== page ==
MERCED — Downtown Merced came alive Saturday as film lovers and comedy fans alike came out for the third-annual MiddleState Independent Comedy Film Festival.
The headliner of the event -- comedian Adam Carolla -- didn't disappoint.
Carolla, 48, took the stage after 9 p.m. and shared life experiences, personal philosophies and his interactions with other celebrities all with his blunt style of comedy that people have come to love him for.
Some of his humor was localized to Merced.
When he got to Merced, Carolla said, he stopped at a gas station to fill up when a lady came through asking for spare change.
When she approached another woman with a minivan full of kids, the driver didn't offer up change, but suggested something else that Carolla described as "not something we hear in Los Angeles."
"We don't have any change," the lady told the beggar. "Would you like some chicken?"
Many in attendance Saturday night were excited to have a well-known performer in Merced.
James Williams and Taneka Payan-Williams of Merced are fans of Carolla, especially James Williams, who regularly listens to Ca- rolla's podcast, "The Adam Carolla Show," which holds the record as the most downloaded podcast of all time.
Both he and his wife enjoyed Carolla's performance and the setting of the Merced Theatre, which went through a multimillion-dollar renovation a few years ago.
"It's something to do -- it's awesome," Taneka Payan-Williams said. "It's a little bit of culture in Merced."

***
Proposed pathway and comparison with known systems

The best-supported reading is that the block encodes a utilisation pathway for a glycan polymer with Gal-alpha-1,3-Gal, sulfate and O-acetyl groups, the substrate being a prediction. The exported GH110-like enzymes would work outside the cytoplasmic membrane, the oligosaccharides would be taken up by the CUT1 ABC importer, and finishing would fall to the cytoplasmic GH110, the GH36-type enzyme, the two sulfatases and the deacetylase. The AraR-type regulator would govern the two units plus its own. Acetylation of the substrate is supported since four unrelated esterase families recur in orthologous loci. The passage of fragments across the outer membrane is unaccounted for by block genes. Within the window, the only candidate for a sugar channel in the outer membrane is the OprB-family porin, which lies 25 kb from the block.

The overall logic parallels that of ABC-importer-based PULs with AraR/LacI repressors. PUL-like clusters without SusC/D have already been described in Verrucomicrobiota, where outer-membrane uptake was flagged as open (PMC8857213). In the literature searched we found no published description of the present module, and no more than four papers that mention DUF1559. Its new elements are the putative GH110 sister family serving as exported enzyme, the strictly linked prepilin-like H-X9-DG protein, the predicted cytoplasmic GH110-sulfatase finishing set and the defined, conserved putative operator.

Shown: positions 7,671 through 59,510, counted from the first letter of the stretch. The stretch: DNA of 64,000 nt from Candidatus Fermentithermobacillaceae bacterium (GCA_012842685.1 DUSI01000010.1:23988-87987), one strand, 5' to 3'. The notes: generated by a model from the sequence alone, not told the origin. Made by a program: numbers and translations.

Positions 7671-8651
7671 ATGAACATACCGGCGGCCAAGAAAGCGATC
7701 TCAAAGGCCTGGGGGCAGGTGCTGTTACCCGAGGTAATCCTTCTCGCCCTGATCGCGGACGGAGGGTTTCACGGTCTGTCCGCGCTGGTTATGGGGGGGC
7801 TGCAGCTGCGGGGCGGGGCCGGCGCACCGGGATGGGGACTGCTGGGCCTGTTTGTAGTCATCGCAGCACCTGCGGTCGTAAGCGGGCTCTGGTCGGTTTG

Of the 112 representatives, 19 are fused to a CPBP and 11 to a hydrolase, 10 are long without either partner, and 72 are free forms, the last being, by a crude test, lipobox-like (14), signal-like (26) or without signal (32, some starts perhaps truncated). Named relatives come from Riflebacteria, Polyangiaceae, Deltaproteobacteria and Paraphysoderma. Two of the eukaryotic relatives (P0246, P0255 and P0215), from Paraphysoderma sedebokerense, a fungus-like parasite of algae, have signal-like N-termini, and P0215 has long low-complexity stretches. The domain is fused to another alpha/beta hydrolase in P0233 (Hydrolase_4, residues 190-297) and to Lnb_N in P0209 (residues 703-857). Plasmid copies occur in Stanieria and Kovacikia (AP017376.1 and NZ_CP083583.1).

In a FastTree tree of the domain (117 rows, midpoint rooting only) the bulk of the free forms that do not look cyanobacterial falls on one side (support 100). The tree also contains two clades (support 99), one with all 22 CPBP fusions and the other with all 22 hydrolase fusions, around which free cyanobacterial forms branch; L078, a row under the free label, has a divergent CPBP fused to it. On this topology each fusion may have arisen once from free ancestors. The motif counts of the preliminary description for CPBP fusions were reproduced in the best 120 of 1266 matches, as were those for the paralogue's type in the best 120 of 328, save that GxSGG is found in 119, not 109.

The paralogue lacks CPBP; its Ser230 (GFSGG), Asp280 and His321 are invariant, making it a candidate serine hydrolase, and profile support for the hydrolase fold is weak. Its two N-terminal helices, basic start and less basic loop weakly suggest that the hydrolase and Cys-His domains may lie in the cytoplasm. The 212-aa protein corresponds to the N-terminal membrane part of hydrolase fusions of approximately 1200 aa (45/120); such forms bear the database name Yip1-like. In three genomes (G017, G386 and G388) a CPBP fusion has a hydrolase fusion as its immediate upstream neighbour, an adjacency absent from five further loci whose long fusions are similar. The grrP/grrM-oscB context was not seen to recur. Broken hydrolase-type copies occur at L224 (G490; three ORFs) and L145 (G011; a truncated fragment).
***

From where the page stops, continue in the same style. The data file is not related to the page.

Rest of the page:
Tom Price, publisher of the Downtown Life Magazine, organized the festival along with Joey Essig, Brian Strong and Ben Davidson.
Price said the two-day event, which included a reception, two full-feature films, nine short films and Carolla's show, was much larger than last year's.
He hopes to eventually turn it into a weeklong event and increase its exposure.
The local arts community benefits from many of the festival's guests, Price added. This year, director, screenwriter and actor Todd Berger attended and did a question-and-answer session with attendees.
Price said since the festival first took root, there's been a lot of interest in it.
"These films that we showed -- none of them would ever end up here," he said. "To have an opportunity to showcase these films that are really unique and something that you'd never get a chance to see anywhere else in the valley, we're really proud that we can bring this here."
Reporter Mike North can be reached at (209) 385-2453 or firstname.lastname@example.org.